Being in the Northern Hemisphere, the seasons in Southern Ontario are at the same time of year as Europe, however, I always find that the climate here is more extreme than in Europe and the UK.
SPRING in Southern Ontario is the months of late March, April, May and sometimes even early June.
These are great times to explore the area beauty spots at a quieter time and enjoy the lengthening days.
With Southern Ontario’s many green spaces and parks, spring is one of my favourite seasons in Southern Ontario.
It is particularly attractive when trees and flowers are in bloom, such as this apple tree. If you have chance, take a drive through the countryside when the apple trees are blossoming.
Last year the orchards were at their peak during the middle two weeks of May and the beautiful blossom-filled orchards are part of what makes Spring one of my favourite seasons in Southern Ontario.
Around this area there are lots of orchards, so plan to take a drive during the late spring and enjoy their beauty while you can.
SUMMER – Our summers here can be hot, and sometimes humid for short periods of time, but air conditioning makes the heat tolerable.
The average high temperature is usually in the low to mid 20’s Celsius (70s Fahrenheit) and this temperature is perfect for enjoying the many outdoor activities that this area has to offer.
In all seasons in Southern Ontario, residents and visitors enjoy the outdoors as this area has many beaches, lakes and Conservation Areas where you can enjoy the outdoors.
In Summer-time, camping, fishing and Hiking are popular activities for families and also for those who like solitary pastimes.
During the summer months, Southern Ontario does not receive very much rain, although we do experience occasional thunder storms, but occasionally we do have several weeks without any measurable rain.
This effects the local farmers, as this is a major agricultural area of the country.
As someone who grew up in a rainy climate, I enjoy the warm, dry summers here so much and spend time outdoors whenever I can.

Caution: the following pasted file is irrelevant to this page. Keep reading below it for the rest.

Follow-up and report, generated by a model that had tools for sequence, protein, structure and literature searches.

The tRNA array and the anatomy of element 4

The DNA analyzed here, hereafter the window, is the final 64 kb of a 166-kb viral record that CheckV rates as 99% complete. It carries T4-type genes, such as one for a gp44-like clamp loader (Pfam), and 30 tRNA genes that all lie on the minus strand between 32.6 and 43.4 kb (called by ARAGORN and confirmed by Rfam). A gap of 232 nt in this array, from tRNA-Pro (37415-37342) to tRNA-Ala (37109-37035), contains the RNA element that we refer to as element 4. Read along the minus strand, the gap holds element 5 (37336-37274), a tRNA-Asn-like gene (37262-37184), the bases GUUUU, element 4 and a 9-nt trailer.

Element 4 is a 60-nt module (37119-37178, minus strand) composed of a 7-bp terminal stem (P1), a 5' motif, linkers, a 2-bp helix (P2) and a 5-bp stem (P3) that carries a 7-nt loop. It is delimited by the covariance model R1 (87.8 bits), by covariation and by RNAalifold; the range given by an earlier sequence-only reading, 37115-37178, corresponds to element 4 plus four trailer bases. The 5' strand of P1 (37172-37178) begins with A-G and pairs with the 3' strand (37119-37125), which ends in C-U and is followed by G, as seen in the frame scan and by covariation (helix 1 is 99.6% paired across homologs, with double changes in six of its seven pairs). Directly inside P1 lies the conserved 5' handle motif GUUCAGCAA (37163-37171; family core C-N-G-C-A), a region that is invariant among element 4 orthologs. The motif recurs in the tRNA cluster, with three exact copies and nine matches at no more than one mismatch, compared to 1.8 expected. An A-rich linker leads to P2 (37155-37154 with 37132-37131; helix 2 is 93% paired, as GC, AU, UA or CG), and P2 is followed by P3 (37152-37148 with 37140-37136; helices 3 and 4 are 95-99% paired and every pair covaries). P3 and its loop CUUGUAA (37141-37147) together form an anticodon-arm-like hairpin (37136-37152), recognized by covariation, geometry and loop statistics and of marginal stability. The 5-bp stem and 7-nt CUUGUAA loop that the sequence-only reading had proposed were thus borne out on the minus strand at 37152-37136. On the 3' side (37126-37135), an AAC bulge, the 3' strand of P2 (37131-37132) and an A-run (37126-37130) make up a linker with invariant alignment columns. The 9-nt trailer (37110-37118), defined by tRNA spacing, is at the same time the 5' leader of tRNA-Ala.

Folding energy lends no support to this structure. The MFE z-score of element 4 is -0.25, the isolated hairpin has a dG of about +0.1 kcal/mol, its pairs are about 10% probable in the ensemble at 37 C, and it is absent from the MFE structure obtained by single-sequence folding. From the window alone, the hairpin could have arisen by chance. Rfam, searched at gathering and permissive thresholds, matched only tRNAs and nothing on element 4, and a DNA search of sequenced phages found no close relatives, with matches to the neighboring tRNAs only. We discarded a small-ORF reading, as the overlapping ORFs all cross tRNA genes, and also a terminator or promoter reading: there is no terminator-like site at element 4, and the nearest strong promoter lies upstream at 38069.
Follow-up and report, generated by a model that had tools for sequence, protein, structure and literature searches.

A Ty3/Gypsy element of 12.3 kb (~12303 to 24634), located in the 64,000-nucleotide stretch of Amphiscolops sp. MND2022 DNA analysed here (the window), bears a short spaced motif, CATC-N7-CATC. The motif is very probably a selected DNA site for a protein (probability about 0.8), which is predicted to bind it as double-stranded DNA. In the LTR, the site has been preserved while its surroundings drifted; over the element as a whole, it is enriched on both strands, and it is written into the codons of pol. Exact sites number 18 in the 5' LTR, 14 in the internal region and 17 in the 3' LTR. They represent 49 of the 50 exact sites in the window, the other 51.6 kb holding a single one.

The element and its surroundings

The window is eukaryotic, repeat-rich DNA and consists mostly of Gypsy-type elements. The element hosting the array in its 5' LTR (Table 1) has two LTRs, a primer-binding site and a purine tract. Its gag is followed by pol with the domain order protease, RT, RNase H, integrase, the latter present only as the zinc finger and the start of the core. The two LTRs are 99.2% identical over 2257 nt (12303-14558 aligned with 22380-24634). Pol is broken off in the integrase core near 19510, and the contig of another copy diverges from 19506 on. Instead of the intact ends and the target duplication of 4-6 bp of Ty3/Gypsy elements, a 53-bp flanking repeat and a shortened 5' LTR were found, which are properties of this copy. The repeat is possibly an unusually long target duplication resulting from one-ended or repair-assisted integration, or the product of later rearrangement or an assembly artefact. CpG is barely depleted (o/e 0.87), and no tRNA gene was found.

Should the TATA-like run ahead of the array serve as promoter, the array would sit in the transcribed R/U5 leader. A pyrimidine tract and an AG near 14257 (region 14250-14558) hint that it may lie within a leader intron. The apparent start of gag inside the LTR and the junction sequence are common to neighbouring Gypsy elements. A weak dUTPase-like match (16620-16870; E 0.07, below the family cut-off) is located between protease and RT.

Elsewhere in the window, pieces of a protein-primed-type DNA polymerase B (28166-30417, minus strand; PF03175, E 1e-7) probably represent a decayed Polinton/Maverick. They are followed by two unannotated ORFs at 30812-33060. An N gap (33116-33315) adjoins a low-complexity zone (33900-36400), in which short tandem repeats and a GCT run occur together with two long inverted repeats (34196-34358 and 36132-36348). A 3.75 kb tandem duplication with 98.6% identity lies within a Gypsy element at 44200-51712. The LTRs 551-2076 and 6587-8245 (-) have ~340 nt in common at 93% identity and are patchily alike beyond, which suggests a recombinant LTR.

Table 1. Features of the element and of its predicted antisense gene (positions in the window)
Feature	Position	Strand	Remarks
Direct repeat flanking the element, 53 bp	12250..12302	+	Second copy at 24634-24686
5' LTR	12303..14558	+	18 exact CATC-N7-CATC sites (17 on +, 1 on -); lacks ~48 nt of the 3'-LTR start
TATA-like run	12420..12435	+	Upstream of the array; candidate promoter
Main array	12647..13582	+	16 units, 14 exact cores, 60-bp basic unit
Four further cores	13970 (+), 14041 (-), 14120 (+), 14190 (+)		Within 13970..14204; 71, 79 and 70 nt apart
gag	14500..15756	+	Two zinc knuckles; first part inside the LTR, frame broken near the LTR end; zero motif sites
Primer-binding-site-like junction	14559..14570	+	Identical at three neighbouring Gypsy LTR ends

AUTUMN- If you are planning a trip to Southern Ontario in fall, then you are in for a treat!
This area is renowned for the beautiful fall colours that are usually at their peak in the late September and the first half of October.
The shades of red, gold and yellow are breath-taking and have to be seen to be believed.
The lake above is at Dalewood Conservation Area in St Thomas, Ontario, during October.
Fall is one of the wonderful, spectacular seasons in Southern Ontario!
In fall, the air is crisp and fresh with the promise of winter, and yet the warm sunshine keeps daytime temperatures mild.
How long fall lasts and the intensity of the fall colours, depends a great deal upon the temperatures and amount of rain we receive.
WINTER - Winter generally starts here in late November and can run through to mid to late-March or even early April.
Winter here is cold by many standards, but it is not often that it snows for very long and it's still possible to have periods during the winter months when there is little or no snow on the ground.
If you are spending time in Southern Ontario during the winter, don’t forget to bring your sunglasses as we have brilliant, sunny days!
The average winter temperature here ranges from about -8 Celsius (18 F) to -1 Celsius (30 F) although, at times it can be colder, however, during the winter months we do have periods when the weather is kind and the temperature is considerably warmer than that.
If you are visiting Southern Ontario in winter-time it is best to be prepared for changes in temperature by bringing clothes that enable you to dress in layers.
This way you will be able to enjoy the outdoor activities that this area has to offer.
This part of Canada is a Wonderland in winter! For those adventurous souls who want to try some of our winter activities, you can ski, snow-shoe, ice skate and Snowmobile in Southern Ontario.
Canadians enjoy the outdoors in winter time, so get your woolies and toboggan out and head for the snow-hills!
May 05, 20 05:00 AM
the males return to the north before the females do, and they immediately establish foraging territories. Their food is nectar from flowers and flowering trees, but their diet can occasionally include…
May 04, 20 07:35 AM
In 1858 the town was incorporated as a town and was named after Admiral Lord Cuthbert Collingwood, who was second in command under Horatio Nelson at the Battle of Trafalgar. Today, Collingwood is know…
May 03, 20 06:30 AM
Dave wrote ... yesterday while walking around my property in Pine Orchard, Whitchurch - Stouffville Ontario, I observed an owl which I believe is a Great Grey Owl.
Spring in Ontario
Fall in Ontario
Snowmobiling in Ontario